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In PHOTOS: India launches new satellite RISAT-1

Last updated on: April 26, 2012 10:44 IST

India launches new satellite RISAT-1

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Achieving yet another milestone in its space programme, India on Thursday successfully launched its first indigenous all-weather radar imaging satellite RISAT-1 that will boost its remote sensing capabilities and facilitate agriculture and disaster management.

The perfect launch of the satellite catapulted India into a select band of countries having indigenous radar imaging technology.

"Only the US, Canada, Japan and the European consortium have the technology so far," P S Veeraraghavan, Director, Vikram Sarabhai Space Centre, Thiruvananthapuram said.

Hailing the launch, Prime Minister Manmohan Singh said it was an important milestone in India's space programme and congratulated the ISRO scientists for displaying mastery of the complex launch vehicle technology.

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Image: PSLV-C19 take-off
Photographs: Indian Space Reseach Organisation

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India launches new satellite RISAT-1

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In a textbook launch, the 1,858 kg spacecraft, the country's first microwave remote sensing satellite, was injected into precise orbit by Polar Satellite Launch Vehicle PSLV C-19 about 19 minutes after a perfect lift off at 5.47 am at the end of the 71-hour countdown from Satish Dhawan Space Centre in Sriharikota, around 90 km from Chennai.

PSLV, the workhorse launch vehicle of Indian Space Research Organisation, achieved its 20th consecutive successful flight when it launched RISAT-1, the heaviest satellite ever lifted by it, in a mission described as a "grand success" by the space agency chief K Radhakrishanan.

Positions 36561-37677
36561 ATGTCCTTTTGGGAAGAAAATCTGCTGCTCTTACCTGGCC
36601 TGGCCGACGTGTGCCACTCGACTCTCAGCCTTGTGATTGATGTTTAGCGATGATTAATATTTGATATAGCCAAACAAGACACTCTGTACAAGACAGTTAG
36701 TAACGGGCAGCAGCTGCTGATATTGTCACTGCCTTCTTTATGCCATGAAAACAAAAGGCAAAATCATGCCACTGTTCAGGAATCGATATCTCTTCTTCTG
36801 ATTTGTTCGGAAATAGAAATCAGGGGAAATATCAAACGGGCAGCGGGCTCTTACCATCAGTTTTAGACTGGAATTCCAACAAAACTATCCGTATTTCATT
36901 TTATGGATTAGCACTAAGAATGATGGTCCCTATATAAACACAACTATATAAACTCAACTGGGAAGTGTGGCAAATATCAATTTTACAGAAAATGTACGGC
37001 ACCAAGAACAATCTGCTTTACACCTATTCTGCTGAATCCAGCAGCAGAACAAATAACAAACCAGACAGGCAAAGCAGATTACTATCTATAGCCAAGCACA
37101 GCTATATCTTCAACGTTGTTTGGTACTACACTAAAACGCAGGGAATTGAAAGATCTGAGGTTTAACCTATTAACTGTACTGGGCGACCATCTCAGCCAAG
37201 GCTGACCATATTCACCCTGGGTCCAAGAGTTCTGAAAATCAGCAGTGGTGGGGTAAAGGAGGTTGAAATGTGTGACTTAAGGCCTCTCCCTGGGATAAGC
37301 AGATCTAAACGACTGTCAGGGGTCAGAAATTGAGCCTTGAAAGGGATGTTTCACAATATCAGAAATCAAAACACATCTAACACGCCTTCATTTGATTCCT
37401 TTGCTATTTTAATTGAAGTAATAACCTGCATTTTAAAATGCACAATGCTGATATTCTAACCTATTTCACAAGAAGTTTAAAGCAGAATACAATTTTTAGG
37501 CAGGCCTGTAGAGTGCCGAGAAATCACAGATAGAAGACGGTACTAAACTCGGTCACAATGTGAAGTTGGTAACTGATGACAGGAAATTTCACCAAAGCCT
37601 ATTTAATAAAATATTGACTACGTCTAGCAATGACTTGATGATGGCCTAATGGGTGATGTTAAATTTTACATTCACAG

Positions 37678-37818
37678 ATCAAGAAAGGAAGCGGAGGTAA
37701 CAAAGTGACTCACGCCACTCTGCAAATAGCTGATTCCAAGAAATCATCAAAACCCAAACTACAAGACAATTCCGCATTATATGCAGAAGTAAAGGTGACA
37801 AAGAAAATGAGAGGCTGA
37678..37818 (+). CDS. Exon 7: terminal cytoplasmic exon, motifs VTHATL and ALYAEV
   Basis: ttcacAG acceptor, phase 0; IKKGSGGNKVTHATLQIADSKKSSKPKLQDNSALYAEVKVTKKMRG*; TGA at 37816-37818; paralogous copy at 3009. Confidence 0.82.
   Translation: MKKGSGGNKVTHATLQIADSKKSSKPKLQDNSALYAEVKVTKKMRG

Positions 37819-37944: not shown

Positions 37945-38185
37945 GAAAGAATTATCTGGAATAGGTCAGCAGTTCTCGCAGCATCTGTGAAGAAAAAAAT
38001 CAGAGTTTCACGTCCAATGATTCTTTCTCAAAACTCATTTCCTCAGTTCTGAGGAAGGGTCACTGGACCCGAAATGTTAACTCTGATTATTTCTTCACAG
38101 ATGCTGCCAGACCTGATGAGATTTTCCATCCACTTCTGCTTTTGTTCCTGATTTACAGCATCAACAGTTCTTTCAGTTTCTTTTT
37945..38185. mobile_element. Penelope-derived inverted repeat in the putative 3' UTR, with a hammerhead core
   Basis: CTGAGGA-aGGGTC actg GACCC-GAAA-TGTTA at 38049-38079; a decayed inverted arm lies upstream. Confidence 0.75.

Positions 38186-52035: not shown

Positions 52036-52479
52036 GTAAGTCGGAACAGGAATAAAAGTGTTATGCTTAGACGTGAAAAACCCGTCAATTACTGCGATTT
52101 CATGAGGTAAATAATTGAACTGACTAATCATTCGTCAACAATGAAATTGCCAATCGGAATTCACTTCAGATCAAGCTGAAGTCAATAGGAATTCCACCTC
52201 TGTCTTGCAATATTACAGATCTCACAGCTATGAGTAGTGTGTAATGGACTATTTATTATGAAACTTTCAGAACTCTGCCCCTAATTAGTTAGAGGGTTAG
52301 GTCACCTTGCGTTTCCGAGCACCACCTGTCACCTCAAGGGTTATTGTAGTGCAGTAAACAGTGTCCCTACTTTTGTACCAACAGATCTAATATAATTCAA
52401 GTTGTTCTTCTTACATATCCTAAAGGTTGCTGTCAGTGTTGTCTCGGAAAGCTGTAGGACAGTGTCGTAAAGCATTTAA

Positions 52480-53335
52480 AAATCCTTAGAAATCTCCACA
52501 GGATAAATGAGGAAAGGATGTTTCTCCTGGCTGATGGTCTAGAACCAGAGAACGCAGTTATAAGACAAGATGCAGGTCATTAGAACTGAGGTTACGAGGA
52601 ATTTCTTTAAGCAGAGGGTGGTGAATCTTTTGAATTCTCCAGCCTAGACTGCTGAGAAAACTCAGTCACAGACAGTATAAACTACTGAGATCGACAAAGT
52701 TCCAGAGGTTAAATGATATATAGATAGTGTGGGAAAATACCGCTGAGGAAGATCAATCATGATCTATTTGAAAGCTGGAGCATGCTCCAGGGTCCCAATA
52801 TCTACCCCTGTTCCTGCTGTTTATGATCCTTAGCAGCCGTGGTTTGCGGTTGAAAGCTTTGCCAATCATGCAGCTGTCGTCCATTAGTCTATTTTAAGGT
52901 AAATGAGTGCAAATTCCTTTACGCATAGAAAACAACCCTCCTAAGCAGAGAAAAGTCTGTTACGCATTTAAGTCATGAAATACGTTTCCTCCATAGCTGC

RISAT-1, culmination of nearly 10 years of effort by SRO, has the capability to take images of Earth during day and night, as well as in cloudy conditions.

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Photographs: Indian Space Reseach Organisation

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India launches new satellite RISAT-1

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Till now, India depended on images from a Canadian satellite as existing domestic remote sensing spacecraft cannot take pictures of Earth during cloud cover.

"The satellite can give valuable data like soil moisture, glacier positions and other details," the ISRO chairman said.

The satellite has been successfully deployed at an altitude of 480 km, Radhakrishnan said, adding it would be raised to its desired altitude of 536 km of Polar Sunsynchronous Orbit in the next three days.

The four stages of heavy-duty PSLV-XL variant, used for the third time, performed without any glitch and scientists at the mission control centre broke into cheers when the rocket injected the satellite into orbit, marking the first launch this year a success for ISRO.

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Photographs: Indian Space Reseach Organisation

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